Further efforts are needed to comply with the provisions of the Final Agreement which seek to improve socioeconomic conditions, as this is vital to addressing the key grievances which lie at the root of the conflict in Colombia. | EFE
Defending the Colombian Peace Agreement through strategic litigation
Dejusticia’s legal support for the upholding of the peace agreement illustrates the vital role of an organized and alert civil society in ensuring the implementation of policy. This oversight role is among the most important functions of civil society in a democratic system.
By: Roberto Porras and Fabian Mendoza
The negotiated peace agreement between the Colombian government and Colombia’s largest guerilla group-the Revolutionary Armed Forces of Colombia-People’s Army (Fuerzas Armadas Revolucionarias de Colombia-Ejército del Pueblo, FARC-EP)has undergone much review in Colombia’s Constitutional Court. Ratification of the Final Agreement to End the Armed Conflict and Build a Stable and Lasting Peace (the “Final Agreement”) proved only to be the beginning of a long and drawn-out process towards effective implementation. Political infighting and the COVID-19 pandemic have all obstructed the deal’s implementation.
Dejusticia has worked to make peace possible in Colombia by supporting both efforts to achieve peace through negotiations and peacebuilding initiatives. One of the ways in which Dejusticia has engaged in supporting the effective implementation of the Colombian peace agreement is through strategic litigation.
Advocacy in favor of extending the Truth Commission’s operating period
Dejusticia, along with several other organizations promoting victim’s rights, submitted a Public Action of Unconstitutionality (a mechanism by which Colombian citizens can challenge the Constitutionality of a law) to the Constitutional Court requesting an extension of the three-year time period for the activities of the Truth Commission established by the Final Agreement to account for disruptions caused by the COVID-19 pandemic.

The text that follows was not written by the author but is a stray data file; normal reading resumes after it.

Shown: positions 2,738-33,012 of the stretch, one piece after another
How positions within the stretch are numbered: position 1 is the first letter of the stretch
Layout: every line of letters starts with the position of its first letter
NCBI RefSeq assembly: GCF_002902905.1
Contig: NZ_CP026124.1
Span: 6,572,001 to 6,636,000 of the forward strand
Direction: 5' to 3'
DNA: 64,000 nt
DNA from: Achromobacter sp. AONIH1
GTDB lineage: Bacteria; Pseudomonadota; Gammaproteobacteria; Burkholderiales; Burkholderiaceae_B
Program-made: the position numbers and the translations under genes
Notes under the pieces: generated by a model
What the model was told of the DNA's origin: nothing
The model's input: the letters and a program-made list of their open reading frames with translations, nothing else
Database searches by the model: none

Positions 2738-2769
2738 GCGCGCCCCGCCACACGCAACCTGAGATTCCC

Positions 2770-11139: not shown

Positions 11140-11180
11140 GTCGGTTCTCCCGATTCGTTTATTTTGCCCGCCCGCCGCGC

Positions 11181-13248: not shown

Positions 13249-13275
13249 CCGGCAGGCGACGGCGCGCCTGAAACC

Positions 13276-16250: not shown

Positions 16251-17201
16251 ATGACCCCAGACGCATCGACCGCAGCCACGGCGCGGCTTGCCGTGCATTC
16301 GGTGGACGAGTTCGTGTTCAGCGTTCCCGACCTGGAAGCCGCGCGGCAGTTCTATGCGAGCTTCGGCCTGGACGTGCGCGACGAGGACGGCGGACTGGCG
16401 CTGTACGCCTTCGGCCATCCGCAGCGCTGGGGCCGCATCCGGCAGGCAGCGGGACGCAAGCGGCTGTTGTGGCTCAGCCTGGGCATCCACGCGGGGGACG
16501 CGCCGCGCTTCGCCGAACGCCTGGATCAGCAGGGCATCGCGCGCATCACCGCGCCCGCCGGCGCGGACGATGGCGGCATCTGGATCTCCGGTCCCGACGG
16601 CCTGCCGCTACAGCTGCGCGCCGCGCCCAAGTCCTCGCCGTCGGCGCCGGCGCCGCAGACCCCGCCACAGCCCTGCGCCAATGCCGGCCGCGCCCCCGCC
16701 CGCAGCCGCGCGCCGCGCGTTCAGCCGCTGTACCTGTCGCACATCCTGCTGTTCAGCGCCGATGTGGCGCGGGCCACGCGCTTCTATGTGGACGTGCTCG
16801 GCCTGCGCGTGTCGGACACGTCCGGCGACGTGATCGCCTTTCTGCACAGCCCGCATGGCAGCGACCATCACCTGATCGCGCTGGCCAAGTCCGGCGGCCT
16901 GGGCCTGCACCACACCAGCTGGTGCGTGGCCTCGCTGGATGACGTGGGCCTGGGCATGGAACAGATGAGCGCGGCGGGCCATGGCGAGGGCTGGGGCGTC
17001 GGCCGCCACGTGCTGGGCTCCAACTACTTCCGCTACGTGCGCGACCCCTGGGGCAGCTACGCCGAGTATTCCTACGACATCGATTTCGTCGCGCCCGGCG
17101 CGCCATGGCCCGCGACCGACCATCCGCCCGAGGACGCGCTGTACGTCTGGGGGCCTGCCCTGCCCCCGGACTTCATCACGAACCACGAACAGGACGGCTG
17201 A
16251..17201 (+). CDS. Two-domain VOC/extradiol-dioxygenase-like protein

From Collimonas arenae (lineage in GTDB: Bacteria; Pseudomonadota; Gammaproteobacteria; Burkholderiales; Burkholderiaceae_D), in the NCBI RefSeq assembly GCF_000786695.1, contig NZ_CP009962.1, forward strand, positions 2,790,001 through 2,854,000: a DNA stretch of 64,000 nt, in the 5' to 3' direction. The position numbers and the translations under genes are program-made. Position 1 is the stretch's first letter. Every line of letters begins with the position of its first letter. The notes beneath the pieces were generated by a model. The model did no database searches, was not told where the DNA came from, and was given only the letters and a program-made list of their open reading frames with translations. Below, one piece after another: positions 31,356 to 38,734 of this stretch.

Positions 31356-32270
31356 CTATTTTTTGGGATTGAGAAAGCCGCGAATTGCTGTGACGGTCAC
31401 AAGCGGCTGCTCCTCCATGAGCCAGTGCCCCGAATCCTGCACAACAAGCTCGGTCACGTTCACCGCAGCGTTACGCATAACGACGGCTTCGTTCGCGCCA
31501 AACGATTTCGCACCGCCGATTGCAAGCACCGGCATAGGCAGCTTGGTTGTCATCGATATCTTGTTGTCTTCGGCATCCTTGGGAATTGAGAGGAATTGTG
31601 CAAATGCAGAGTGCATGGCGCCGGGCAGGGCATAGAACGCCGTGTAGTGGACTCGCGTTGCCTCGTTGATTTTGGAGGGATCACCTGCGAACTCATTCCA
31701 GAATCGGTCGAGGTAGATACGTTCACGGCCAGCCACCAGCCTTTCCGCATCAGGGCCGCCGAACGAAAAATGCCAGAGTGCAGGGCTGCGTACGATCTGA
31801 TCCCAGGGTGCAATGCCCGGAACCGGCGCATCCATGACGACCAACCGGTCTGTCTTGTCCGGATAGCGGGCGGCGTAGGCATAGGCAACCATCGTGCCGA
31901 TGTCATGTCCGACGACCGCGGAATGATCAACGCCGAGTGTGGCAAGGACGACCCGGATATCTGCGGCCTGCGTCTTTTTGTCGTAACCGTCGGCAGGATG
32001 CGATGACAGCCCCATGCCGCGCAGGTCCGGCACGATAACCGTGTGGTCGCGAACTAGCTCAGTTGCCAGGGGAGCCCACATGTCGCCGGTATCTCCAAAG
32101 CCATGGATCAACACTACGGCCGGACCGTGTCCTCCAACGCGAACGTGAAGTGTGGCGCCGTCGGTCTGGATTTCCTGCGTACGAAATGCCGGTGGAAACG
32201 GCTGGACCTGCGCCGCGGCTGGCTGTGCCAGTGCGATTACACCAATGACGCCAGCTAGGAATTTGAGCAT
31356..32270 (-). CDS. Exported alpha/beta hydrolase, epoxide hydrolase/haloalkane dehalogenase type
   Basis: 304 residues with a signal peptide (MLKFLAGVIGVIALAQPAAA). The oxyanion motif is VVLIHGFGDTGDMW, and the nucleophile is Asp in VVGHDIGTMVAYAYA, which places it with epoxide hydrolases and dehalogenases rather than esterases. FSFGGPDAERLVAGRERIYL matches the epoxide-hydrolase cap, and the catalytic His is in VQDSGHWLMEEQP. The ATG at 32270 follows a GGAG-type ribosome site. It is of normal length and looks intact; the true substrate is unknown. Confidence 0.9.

The Commission for the Clarification of Truth, Coexistence and Non-repetition (the “Truth Commission”) was designed to provide victims of the armed conflict with their right to truth and identify those parties responsible for human rights abuses. The mandate for the creation of a truth commission, which was established in the peace agreement, was implemented by Congress’ passing of Decree Law 588 of 2017, in which Article 1 and Article 24 established a period of three years for the Commission’s fact-finding activities as well as an additional six-months for the preparation of a final report.
However, the onset of the COVID-19 pandemic resulted in the declaration of a State of Emergency by the Colombian government, greatly impacting the effectiveness of the Commission’s activities. Instead of conducting field visits and face-to-face meetings with witnesses, the Commission was constrained by the limits of working virtually.
In the action brought before the Constitutional Court, Dejusticia and its partners argued that the Commission only functioned under normal conditions for one year, three months and fourteen days, or about 40% of its prescribed period. This violated both Article 1 and Article 24 of Decree 588 of 2017, which established a three-year operating period for the Truth Commission’s fact-finding activities.